Was ‘cultural pressure’ to blame for Chinese aunt pouring super glue into baby’s ears?
Canadian police retract statement linking culture to horrific assault by jealous woman on infant nephew
Canadian federal police have retracted a press release which partly blamed “cultural pressures” for a Chinese woman’s horrific attack on her baby nephew, in which she poured super glue into the infant’s ears.
Wei Wang, 30, was convicted on December 5 of the aggravated assault on the then seven-week-old boy, identified only as Baby Y. It occurred in Richmond, British Columbia, which has the highest rate of Chinese ethnicity of any city outside Asia, at around 50 per cent.
The details of the case and conviction were outlined Tuesday in a press release issued by the Royal Canadian Mounted Police, whose Richmond detachment is responsible for local policing in the Vancouver satellite city.
Wang is the mother of two daughters. A search warrant cited in press reports around the time of the 2013 attack said Wang’s family shared the Richmond house with her sister-in-law and her husband, the parents of Baby Y. Wang was said to be jealous when her husband’s sister had Baby Y, because Wang did not have a son and she feared losing out on an inheritance from the boy’s grandparents.
The RCMP statement described how the baby boy’s panic-stricken parents rushed their inconsolable son to hospital.
“As a physician was examining the infant, a mysterious residue was found on his ears. The physician commented on the substance’s chemical-like smell. What resulted was the shocking discovery of a hardened plastic-like substance covering the entrance to both of his ear canals. Painstaking surgery was required to remove the substance and the Richmond RCMP was contacted.
“The substance was later identified as super glue and how it arrived deep inside the infant’s ear canals was not by accident.”
The press release went on to say that “as investigators dug deeper, a bizarre tale unfolded of deceit, jealously [sic], and the cultural pressures to conceive male offspring”.
The linkage of the shocking abuse to “cultural pressures” on Wang, a Chinese national, was widely reported in Canada.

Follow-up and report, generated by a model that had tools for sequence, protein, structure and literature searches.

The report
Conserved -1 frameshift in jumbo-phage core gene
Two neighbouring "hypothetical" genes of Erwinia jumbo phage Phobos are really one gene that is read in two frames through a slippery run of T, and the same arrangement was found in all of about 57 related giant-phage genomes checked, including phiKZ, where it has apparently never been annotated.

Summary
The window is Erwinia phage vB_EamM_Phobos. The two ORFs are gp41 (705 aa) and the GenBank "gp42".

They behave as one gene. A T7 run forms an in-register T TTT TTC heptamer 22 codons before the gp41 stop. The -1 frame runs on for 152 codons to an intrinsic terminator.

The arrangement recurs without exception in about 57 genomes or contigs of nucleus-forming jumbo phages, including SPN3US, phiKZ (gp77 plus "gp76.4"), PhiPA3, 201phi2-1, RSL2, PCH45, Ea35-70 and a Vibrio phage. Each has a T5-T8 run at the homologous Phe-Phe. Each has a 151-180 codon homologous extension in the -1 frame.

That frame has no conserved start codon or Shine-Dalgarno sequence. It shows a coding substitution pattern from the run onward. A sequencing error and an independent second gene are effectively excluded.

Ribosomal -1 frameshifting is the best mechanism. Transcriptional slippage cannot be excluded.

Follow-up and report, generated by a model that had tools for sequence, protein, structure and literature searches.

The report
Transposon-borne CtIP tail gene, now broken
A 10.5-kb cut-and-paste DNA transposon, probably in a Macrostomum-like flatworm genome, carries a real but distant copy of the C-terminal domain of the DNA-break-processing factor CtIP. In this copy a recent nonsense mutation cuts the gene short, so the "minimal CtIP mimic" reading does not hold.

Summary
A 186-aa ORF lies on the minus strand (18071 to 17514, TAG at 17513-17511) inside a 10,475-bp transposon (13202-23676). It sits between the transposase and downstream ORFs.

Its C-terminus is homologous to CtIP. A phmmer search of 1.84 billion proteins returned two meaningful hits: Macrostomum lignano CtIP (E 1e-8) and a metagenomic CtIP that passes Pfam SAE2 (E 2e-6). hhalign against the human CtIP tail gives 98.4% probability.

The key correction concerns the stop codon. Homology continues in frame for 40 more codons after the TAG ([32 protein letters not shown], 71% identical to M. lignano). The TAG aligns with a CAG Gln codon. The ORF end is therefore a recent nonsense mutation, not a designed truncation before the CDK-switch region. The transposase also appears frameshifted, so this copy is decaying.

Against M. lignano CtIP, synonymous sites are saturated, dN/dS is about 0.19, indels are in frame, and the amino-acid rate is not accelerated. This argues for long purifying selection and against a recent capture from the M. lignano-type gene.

However, by the early hours of Wednesday, the statement had been scrubbed from the RCMP’s website, and a tweet referring to the statement deleted from the official @RichmondRCMP Twitter account.
Asked why the statement and tweet had been deleted, Acting Corporal Dennis Hwang, the RCMP media liaison officer who apparently issued the statement, said: “I am unable to speak about this topic any further. I apologise for any inconvenience this may have caused.”
Queenie Choo, chief executive officer of the Vancouver immigrant support service SUCCESS, said that although there may be pressures to have male children among some Chinese immigrant families, a wide range of factors would have to be considered in such an extreme case of abuse.
“Firstly there is just personality. Secondly, the familial environment. Then the upbringing, the mental status of the individual, and also the educational background,” Choo said.
“It cannot be attributed only to culture. There are a number of factors that drive people’s behaviours, for example, in this case.”
Choo applauded the RCMP’s apparent decision to withdraw the statement. “I think it’s a good thing, the retraction of this statement.”
Baby Y was likely to make a full recovery, RCMP Corporal Chris Tarasoff said in the retracted statement. “This was a bizarre, yet extremely sad case. There were many investigators involved and it was emotionally trying at times. We do have a message though; we have zero tolerance towards any types of crimes against children,” Tarasoff was quoted as saying.
Wang was sentenced to four months in jail with a further two years of probation. She has since been released and ordered to stay away from her in-laws.
A man identified as Baby Y’s father by CTV News told the broadcaster on Tuesday he had suffered nightmares about the abuse of his child. “But now we are all ok,” he said.
Acting Cpl Hwang told CTV in an interview prior to the statement’s retraction: “Perhaps there are some cultural differences. Some cultures, they might value the birth of a boy more so than that of a girl. That may have contributed to it. Maybe some jealousy involved in that.”